About 1755 the Jews of Wetzlar were permitted to build a synagogue, which was dedicated in 1756; and a special tax of 10 kreuzer was imposed, to be paid to the messenger of the imperial supreme court of judicature at Wetzlar whenever he passed by on business ("Sulamith," 1807, ii. 407, note). Although the Judenstättigkeit permitted only twelve Jewish families to live in Wetzlar, the town council admitted a larger number, that they might divide among themselves the 20 or 30 reichsthaler paid by each Jew for permission to reside in the city. This was set forth by the citizens in a complaint to the council in 1707. An "agreement" was accordingly made on July 18, 1712, that the number of resident Jews should again be reduced to twelve families. In 1836 there were 680 Jews living at Wetzlar, which had been incorporated with the kingdom of Prussia in 1815; but in 1904 only a little over 170 resided there, and the community, which supports a philanthropic society and a ḥebra ḳaddisha, has included itself in the rabbinate of Dr. Munk at Marburg ("Statistisches Jahrbuch des Deutsch-Israelitischen Gemeindebundes," 1903, p. 78).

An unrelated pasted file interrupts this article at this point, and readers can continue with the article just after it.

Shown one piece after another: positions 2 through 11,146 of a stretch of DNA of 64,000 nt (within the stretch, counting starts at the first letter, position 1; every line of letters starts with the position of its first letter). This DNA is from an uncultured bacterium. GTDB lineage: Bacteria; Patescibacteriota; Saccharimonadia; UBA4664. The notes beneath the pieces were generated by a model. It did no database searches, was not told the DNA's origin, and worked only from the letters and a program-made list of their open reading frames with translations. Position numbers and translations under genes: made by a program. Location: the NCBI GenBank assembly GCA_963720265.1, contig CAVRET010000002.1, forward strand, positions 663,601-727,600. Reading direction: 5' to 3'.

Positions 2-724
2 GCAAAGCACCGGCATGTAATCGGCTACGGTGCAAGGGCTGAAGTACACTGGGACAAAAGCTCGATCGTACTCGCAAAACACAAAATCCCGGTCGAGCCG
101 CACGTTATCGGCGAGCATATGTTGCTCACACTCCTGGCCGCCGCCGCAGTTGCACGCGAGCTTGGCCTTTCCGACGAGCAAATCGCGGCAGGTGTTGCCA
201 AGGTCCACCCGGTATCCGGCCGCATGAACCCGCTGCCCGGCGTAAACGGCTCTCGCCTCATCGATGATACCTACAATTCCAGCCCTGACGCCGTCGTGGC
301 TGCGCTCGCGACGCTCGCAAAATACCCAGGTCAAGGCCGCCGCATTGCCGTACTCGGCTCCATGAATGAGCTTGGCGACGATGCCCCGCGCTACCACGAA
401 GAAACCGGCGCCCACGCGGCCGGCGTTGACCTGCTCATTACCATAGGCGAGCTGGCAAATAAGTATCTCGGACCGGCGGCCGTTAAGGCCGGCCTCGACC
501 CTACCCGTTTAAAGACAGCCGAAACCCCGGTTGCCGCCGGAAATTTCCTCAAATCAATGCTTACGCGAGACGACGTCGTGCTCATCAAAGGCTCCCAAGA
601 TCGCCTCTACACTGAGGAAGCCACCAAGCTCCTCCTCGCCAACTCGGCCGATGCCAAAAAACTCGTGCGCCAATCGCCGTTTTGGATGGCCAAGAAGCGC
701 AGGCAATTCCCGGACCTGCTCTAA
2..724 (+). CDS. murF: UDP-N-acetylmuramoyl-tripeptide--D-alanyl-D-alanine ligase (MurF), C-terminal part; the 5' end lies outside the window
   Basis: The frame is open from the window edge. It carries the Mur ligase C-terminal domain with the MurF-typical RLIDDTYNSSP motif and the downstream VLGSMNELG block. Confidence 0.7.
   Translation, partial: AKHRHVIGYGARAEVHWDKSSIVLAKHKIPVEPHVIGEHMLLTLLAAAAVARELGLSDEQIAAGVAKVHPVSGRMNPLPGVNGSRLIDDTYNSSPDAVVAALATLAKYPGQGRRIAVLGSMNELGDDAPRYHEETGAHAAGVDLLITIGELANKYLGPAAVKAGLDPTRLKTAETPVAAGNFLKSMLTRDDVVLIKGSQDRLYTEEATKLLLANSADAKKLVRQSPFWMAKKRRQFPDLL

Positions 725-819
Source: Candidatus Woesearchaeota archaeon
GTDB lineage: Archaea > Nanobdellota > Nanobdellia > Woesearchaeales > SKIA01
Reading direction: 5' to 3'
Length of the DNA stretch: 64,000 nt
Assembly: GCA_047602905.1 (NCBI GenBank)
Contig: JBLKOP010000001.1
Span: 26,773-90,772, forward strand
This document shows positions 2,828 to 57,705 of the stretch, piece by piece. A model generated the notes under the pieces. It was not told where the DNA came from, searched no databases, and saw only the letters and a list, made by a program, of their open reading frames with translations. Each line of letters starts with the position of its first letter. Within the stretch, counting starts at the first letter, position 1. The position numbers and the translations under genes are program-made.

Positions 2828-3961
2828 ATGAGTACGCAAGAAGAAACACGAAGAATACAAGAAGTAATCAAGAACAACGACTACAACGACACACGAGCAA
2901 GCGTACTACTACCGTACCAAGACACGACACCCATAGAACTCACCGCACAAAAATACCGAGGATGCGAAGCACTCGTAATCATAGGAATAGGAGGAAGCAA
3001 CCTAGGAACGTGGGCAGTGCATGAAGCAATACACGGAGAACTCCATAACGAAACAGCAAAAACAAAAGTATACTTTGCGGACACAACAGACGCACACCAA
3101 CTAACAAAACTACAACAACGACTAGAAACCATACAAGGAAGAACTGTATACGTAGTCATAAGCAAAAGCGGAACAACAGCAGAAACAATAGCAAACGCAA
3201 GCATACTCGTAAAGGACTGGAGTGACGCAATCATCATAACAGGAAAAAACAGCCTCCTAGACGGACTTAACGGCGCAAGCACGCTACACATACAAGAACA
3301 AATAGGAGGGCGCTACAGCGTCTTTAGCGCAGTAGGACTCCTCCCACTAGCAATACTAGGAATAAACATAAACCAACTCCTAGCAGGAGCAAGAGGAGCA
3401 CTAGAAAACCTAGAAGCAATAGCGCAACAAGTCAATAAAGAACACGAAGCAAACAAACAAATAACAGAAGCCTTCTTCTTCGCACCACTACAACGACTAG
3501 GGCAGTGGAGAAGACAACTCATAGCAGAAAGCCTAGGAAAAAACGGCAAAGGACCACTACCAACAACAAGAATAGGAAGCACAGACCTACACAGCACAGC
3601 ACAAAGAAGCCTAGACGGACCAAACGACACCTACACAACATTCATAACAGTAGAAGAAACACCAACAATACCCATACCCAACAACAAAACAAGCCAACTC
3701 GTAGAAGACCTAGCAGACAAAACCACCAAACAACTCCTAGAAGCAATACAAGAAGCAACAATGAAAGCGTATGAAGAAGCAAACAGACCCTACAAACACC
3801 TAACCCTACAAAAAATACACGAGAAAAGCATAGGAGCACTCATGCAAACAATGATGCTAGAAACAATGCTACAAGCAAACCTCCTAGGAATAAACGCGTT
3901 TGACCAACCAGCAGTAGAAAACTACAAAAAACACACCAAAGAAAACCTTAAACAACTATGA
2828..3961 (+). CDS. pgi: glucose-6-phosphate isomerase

Jews by the name of Wetzlar lived at Celle, in the province of Hanover (Neubauer, "Cat. Bodl. Hebr. MSS." pp. 529, 1145), at Emden (see the local "Memorbuch"), at Frankfort-on-the-Main (Horovitz, "Die Inschriften des Alten Friedhofs der Israelitischen Gemeinde zu Frankfurt-am-Main," p. 743), at Altona (Grunwald, "Hamburgs Deutsche Juden," 1904, p. 305), at Prague (Hock, "Familien Prags," p. 120), and elsewhere. R. Joel of Wetzlar died at Minden, Westphalia, in 1698, while Solomon b. Simeon Wetzlar of Fürth wrote the moral code entitled "Ḥaḳirot ha-Leb" (Amsterdam, 1731; Steinschneider, "Cat. Bodl." No. 6978), and a certain Wolf Wetzlar Ashkenazi is mentioned by Maggid ("Zur Gesch. und Genealogie der Günzburge," p. 195, St. Petersburg, 1899).

  • Von Ulmenstein, Gesch. und Topographische Beschreibung der Kaiserlichen Freyen Reichsstadt Wetzlar, vol. i., Hadamar, 1802 (pp. 212 et seq., 250 et seq., 386 et seq., 493 et seq., 522); vol. ii., Wetzlar, 1806 (pp. 486, 534, 681, 730, 836); vol. iii., ib. 1810 (pp. 74, 76, 86 et seq., 154, 157 et seq.);
  • Abicht, Der Kreis Wetzlar, Historisch, Statistisch und Topographisch Dargestellt, i. 5, 124, Wetzlar, 1836;
  • Forschungen zur Deutschen Geschichte 1876, pp. 120, 134;
  • Zeit. für die Gesch. der Juden in Deutschland, ii. 36, 43 et seq.
D. A. Lew.